Undeposited funds: Payments that have been received by cash, cheque, or credit card that have yet to be paid into the bank.

Underwriting: A common way to guarantee a minimum level of proceeds when a public company issues new shares is for the issuing firm to involve an underwriter.

Unfair dismissal – an employee is entitled to make a claim for unfair dismissal once they have been employed for two years, full or part-time, and they are dismissed for any of these reasons.

Universal Credit – Universal Credit is a new single benefit run by the Department of Work and Pensions (DWP) which combines benefits for in and out of work support, housing, and childcare costs, with additional payments for people who have disabilities or caring responsibilities. It is currently being rolled-out to different geographical areas.

Unlawful – illegal or contrary to social convention.

Unpresented: Cheques that have not yet been deposited to the bank.

Utilities: Utilities are companies involved in providing electricity, gas, water and similar services to consumers and businesses.

V

VAT – Value Added Tax is a tax on expenditure that is charged by registered traders. If turnover in a 12-month period is more than £85,000, the trader will most likely be obliged to register for and charge VAT on their invoices.

Value at risk (VAR): VAR attempts to assess the odds of losing money on a portfolio of, say, shares.

Velocity of money: The health of an economy can be measured by capturing the speed at which the money available in it (the money supply) is being spent.

Vendor finance: Vendor finance is a creative way for a firm to fight falling sales. If a customer cannot afford to pay up front, it borrows the funds from the manufacturer.

Verify – Verify is the government’s new gateway to using online digital services, it can be used to make claims for example for the marriage allowance and tax refunds.

Vertical integration: Vertical integration is when two businesses at different stages of production join to form one bigger company.

Vix (volatility index): The Chicago Board Options Exchange (CBOE) Volatility index (Vix for short) reflects how volatile traders expect the market to be over the coming year.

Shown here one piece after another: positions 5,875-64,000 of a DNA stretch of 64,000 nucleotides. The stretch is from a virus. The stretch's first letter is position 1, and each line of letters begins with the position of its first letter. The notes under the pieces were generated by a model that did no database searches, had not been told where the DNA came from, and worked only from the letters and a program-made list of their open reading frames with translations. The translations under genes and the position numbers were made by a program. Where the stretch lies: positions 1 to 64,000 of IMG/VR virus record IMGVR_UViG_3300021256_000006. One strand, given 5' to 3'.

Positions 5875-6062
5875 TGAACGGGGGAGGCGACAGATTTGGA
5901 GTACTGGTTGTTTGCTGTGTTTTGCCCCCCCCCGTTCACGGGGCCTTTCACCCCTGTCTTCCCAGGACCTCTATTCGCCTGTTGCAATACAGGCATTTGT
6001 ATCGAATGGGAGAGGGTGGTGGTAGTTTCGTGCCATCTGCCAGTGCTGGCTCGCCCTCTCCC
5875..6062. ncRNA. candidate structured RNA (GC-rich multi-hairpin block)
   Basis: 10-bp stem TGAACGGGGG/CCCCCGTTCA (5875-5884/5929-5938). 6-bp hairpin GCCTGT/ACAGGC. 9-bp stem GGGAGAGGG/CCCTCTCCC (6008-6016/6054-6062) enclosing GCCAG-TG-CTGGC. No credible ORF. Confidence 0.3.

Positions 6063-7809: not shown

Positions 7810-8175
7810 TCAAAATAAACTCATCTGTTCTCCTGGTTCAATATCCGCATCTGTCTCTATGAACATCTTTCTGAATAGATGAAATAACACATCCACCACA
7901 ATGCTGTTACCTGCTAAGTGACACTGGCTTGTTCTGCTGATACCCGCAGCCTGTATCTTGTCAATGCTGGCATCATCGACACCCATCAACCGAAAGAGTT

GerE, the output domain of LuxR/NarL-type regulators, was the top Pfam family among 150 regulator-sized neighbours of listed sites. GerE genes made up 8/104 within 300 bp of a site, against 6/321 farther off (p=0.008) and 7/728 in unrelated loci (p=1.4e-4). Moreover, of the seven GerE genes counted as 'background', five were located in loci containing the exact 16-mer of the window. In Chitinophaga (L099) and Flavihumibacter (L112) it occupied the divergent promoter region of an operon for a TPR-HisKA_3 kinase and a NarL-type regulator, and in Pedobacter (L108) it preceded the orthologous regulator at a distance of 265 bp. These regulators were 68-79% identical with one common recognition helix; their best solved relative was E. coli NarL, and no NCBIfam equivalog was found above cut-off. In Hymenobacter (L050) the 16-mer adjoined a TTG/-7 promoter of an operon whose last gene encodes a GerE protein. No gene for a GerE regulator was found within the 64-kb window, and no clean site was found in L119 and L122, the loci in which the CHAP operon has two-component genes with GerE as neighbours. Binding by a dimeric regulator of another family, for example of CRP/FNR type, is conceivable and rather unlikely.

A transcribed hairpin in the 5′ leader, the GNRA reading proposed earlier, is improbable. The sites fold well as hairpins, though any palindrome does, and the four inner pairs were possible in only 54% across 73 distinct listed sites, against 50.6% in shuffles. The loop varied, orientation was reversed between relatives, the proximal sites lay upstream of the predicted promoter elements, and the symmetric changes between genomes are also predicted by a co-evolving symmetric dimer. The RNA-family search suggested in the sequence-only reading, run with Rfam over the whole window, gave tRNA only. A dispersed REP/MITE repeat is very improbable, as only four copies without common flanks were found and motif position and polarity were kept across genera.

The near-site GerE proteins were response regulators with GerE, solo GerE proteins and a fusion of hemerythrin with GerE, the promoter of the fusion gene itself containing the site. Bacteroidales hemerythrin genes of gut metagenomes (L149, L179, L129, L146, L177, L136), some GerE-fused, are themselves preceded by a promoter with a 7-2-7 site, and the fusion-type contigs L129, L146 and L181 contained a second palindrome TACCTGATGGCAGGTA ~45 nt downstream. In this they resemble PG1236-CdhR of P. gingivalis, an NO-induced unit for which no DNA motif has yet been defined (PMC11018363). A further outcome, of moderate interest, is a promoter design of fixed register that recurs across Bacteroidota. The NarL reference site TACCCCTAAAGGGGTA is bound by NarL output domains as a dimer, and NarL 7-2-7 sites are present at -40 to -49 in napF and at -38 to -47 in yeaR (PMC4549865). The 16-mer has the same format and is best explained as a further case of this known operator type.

Volatility: Volatility refers to the fluctuations in the price of a security, commodity, currency, or index.

W

WACC: WACC stands for the weighted average cost of capital. It represents the rate of return a company must make on the money it has invested to stop investors putting their money elsewhere.

Wages – Wages are the money your employer pays you in return for the work you do for them. Wages can also include other things, such as your employer giving you something other than cash that has a value or benefit to you.

Warrants: Warrants are a type of security issued by companies and traded in the market, much in the way that shares are.

Wholesale money markets: The term ‘money market’ covers the vast network of deals involving the lending and borrowing of cash in a range of currencies. ‘Wholesale’ means funds borrowed or lent in large quantities.

Will – a legal document that declares a person’s wishes about the way their estate should be handled when they die.

Withholding tax: A withholding tax requires a person or company making a payment to someone else to withhold part of the payment and pay it to the government.

Working capital: Also known as ‘net current assets’, working capital is the total of a firm’s current, or short term, balance sheet assets minus all current liabilities.

X

Y

Year-end: The end of the financial year. During this period, the accountant calculates how much tax a business owes to the government. Bookkeepers need to ensure that reconciliations are completed, transaction entries are correctly coded, supporting paperwork is readily available, and that sales taxes and PAYE taxes have been processed.

Yield curve: A yield curve shows the relationship between the yield on securities and their maturities (how long it is until they can be redeemed at their face value).

Yield on cost: The yield on cost tells you a company’s dividend return as a percentage of the price that you paid for the shares.

Yield spread: Bonds that are not government securities are evaluated by the market on the basis of the difference between their yield and the yield of a comparable government bond. That difference is called a spread

Z

Z score: The Z score indicates the probability of a company entering bankruptcy within the next two years.

Zero: A zero is a type of share or bond. Its key feature is that it pays no annual dividend, or coupon.